April 5 jubilee marks 5 decades in North Texas
By Deb Silverthorn
The North Texas community will celebrate Rabbi Yitzchak Cohen, “Yitz” to most, honoring his 50 years of service at a Jubilee Gala at 7 p.m. Sunday, April 5, at the Renaissance Hotel in Addison.
“I have officiated over thousands of this community’s lifecycle events — the joyful and the sad — and every experience has impacted me, each bringing me a ‘Shehechiyanu,’” said Rabbi Cohen, who came to Dallas in 1970, serving first as cantor, then also rabbi, at Congregation Tiferet Israel for 35 years.
The word “retirement” is not in Rabbi Cohen’s vocabulary. In 2005 he founded Congregation Nishmat Am.
“I planted a seed and we grew a synagogue based on nishmat am, the soul of the people. It’s the heart of each of us — a congregation of love, harmony and respect,” said Rabbi Cohen. “I couldn’t imagine, when we first came here with three synagogues and one day school, a future of nearly 30 shuls, many day schools, preschools, high schools, a yeshiva and a kollel. The growth is a phenomenal shehechiyanu indeed.”
“When you enter a room to honor God, Yitz honors you,” said Marc Kahn, joined by his wife Lori, Dr. David and Gerri Patterson and Dr. Tim and Virginia Shepherd as gala co-chairs with Honorary Co-chairs Mike and Terry Friedman and Donna and Herb Weitzman. “I’ve looked up to him since my bar mitzvah, in 1972, when I walked up to the bimah and he said ‘Marcala, finish strong.’ It’s an honor to recognize the ‘magic of Yitz’ and all he means.”
Rabbi Cohen was born in Krakow, Poland, the son of Holocaust survivors Chana Malka and Rabbi Dov Cohen, both of blessed memory. The family moved to Israel when Yitzchak was an infant in 1949. At 7 years old, he was discovered by, and became the protégé of, liturgical composer Shelomo Zalman Rivlin. Rivlin, founder and director of Shirat Yisrael Institute for Cantors, scouted voices throughout the country, training some of the world’s most famed cantors.
Before his bar mitzvah, Yitzchak sang before audiences in Israel and Europe. At 16 he was onstage in New York’s Yiddish theater circle, where he performed the leading role in the operetta “Shulamit” with Molly Picon, legendary conductor Sholom Secunda.
At just 17, while continuing to perform concerts, Yitzchak began his cantorial career, the youngest cantor in the country, at Congregation Ohev Shalom in Washington, D.C.
More blessed than the prayers he led, was his prayer answered in meeting Rosie Antebi, his future wife. She is the Dallas founder of the Bikur Cholim Society/Ohr Hadash Jewish Healing Center. Married almost 51 years, the Cohens are the parents of Sharona, Jacob and Hannah and the grandparents of Dov, Eden, Gavriella, Orly, Avichai, Jordan and Marissa.
“The example my father has set is the reflection of who he’s been to so many, for so long,” said Jacob, who has long-served as cantor at his father’s side. “He has an unwavering, unconditional love for every human being — not just Jews — everyone. He only sees good and that’s the trait to follow.”
Fifty years is a lot of blessings, a lot of kisses on the keppy, countless hugs and thousands of simchas. He doesn’t know who remembers his sermons, but he knows people remember who married them, who gave the blessings at their bar mitzvah and who was there for comfort.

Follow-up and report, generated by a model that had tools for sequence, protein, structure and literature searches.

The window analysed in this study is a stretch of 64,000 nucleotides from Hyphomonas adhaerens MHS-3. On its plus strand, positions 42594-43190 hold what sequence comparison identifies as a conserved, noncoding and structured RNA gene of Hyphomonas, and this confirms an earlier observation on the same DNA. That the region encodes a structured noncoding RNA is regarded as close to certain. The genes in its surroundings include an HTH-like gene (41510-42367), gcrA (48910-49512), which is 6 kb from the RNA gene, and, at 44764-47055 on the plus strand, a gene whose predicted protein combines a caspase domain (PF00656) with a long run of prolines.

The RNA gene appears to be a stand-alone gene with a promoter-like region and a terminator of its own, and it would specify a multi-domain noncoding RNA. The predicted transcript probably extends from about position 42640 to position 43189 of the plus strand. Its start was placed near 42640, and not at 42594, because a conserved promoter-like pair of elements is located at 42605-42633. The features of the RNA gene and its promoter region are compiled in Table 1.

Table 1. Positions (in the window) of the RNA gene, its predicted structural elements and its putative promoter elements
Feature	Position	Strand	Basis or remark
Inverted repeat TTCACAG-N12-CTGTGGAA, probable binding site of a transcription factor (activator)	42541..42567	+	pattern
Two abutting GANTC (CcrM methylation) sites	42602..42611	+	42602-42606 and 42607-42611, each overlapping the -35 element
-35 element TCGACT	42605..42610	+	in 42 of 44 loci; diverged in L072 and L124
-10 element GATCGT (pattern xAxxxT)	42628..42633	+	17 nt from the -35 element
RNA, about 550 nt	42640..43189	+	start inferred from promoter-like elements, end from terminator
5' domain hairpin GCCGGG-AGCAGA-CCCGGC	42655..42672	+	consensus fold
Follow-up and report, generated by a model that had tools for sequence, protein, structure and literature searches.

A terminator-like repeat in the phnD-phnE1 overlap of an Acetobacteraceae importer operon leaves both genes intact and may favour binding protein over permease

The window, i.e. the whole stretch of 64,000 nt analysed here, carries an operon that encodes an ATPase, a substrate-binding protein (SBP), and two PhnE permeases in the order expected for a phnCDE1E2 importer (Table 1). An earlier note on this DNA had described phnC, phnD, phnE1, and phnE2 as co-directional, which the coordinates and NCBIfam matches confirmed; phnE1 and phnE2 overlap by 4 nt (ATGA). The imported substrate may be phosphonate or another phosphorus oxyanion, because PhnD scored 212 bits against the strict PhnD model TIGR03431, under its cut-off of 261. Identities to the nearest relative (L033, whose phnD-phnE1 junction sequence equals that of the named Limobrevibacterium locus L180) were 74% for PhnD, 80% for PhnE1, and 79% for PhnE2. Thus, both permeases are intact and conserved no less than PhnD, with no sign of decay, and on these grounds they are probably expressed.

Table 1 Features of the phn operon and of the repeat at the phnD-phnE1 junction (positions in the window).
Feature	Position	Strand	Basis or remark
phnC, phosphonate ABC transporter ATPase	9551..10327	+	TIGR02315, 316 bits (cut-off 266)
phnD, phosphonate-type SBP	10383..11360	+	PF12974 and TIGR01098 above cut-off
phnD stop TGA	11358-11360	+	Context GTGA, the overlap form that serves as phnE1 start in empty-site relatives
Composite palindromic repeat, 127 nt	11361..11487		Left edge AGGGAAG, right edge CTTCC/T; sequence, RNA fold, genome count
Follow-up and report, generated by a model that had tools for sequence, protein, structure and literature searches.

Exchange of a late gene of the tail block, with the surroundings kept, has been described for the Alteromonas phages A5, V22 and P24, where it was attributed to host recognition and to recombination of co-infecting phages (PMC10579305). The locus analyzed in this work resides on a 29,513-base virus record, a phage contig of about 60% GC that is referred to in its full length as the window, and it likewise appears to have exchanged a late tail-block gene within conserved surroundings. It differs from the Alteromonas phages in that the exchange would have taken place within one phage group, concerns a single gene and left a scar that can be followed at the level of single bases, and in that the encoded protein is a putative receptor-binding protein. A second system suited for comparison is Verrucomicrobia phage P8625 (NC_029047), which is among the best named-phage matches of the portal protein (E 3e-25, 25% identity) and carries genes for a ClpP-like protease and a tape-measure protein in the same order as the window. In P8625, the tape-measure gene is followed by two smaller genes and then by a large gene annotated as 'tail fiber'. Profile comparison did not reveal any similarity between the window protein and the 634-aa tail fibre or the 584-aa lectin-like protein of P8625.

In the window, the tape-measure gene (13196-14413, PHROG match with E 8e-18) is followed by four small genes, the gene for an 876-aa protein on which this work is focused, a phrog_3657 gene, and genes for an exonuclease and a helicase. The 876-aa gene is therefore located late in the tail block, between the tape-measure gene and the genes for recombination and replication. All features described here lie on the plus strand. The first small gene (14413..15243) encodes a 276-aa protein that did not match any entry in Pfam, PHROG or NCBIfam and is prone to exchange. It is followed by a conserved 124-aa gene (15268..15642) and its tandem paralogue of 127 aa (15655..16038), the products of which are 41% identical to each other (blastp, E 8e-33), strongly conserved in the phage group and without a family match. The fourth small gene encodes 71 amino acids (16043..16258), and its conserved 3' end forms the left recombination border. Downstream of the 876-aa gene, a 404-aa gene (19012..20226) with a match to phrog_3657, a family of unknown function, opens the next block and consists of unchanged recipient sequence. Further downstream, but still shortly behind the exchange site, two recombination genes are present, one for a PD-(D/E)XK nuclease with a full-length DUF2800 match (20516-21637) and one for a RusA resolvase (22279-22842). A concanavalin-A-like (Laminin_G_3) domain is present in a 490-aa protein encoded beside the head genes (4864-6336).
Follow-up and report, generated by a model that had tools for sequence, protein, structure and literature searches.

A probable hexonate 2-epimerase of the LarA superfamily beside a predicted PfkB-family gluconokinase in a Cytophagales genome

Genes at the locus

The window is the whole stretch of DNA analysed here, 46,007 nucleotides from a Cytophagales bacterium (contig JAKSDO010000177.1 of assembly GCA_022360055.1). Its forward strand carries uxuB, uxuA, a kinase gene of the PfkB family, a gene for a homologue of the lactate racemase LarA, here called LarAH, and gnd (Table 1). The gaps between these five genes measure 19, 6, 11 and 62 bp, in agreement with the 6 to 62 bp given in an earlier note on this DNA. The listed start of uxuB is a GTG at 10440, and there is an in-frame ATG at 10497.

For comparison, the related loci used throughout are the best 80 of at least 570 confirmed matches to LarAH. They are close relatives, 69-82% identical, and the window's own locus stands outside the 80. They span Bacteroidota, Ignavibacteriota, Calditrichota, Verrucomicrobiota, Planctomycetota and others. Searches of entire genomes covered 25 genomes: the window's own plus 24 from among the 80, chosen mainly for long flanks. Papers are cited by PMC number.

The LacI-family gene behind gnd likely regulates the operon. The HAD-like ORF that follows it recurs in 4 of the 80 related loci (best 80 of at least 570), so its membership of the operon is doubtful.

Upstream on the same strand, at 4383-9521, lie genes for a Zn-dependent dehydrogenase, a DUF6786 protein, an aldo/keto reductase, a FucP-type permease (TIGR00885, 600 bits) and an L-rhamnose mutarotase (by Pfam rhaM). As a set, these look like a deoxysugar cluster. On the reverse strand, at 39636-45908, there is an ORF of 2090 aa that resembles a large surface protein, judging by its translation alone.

“Yitz has an extraordinary endurance — in the daily and in the long term. For whatever people come to him, he brings a human connection,” said Nishmat Am’s Executive Director Stanley Siegel. “He brings his personality, humor, caring and an embrace like no one else. He’s Yitz.”
Currently a member of the board of the Dallas Chapter of the FIDF, Rabbi Cohen is a founding member of the North American Board of Rabbis. He served on the boards of many organizations around the world, and is past president of the Dallas Rabbinic Association and a former board member of the Jewish Federation of Greater Dallas and its Community Advisory Council, the Dallas Holocaust Museum and the Interfaith Chapel Committee of Thanksgiving Square.
“Yitz touches everyone. He’s a community man with a community’s heart. From the beginning we’ve been ‘old friends’ because of how he models living — humble, kind and open,” said Gerri Patterson. “He leads with a spirit of am Yisrael and hinei ma tov — we are all Jews, and indeed how good it is to all sit together.”
Rabbi Cohen’s prize possession, a half black velvet, half knitted yarmulke with “Ani Ohev Kol Yehudi” — I love all Jews’ embroidered on it, defines his rabbinate — his life. “Every Jew is a Jew. There is no you, me or them,” he says.
Donna Weitzman will serve as the master of ceremonies. The event will include entertainment by renowned accordionists Elena and Gregory Fainshtein; a musical tribute composed especially for the occasion by award-winning composer, and longtime congregant of and friend to, Rabbi Cohen, Aaron Kaplan; a “This is Your Life” presentation by Mike Friedman; and toasts by rabbis from near and far. The food, by Simcha Kosher Catering, is Dallas Kosher certified. Cost for the evening is $90 per ticket. To RSVP, or submit a sponsorship, for the April 5 event, visit 50yearswithyitz.com.
Anyone wanting to submit memories, in written form or photos, of events shared with Rabbi Cohen over the last 50 years should email them to firstname.lastname@example.org.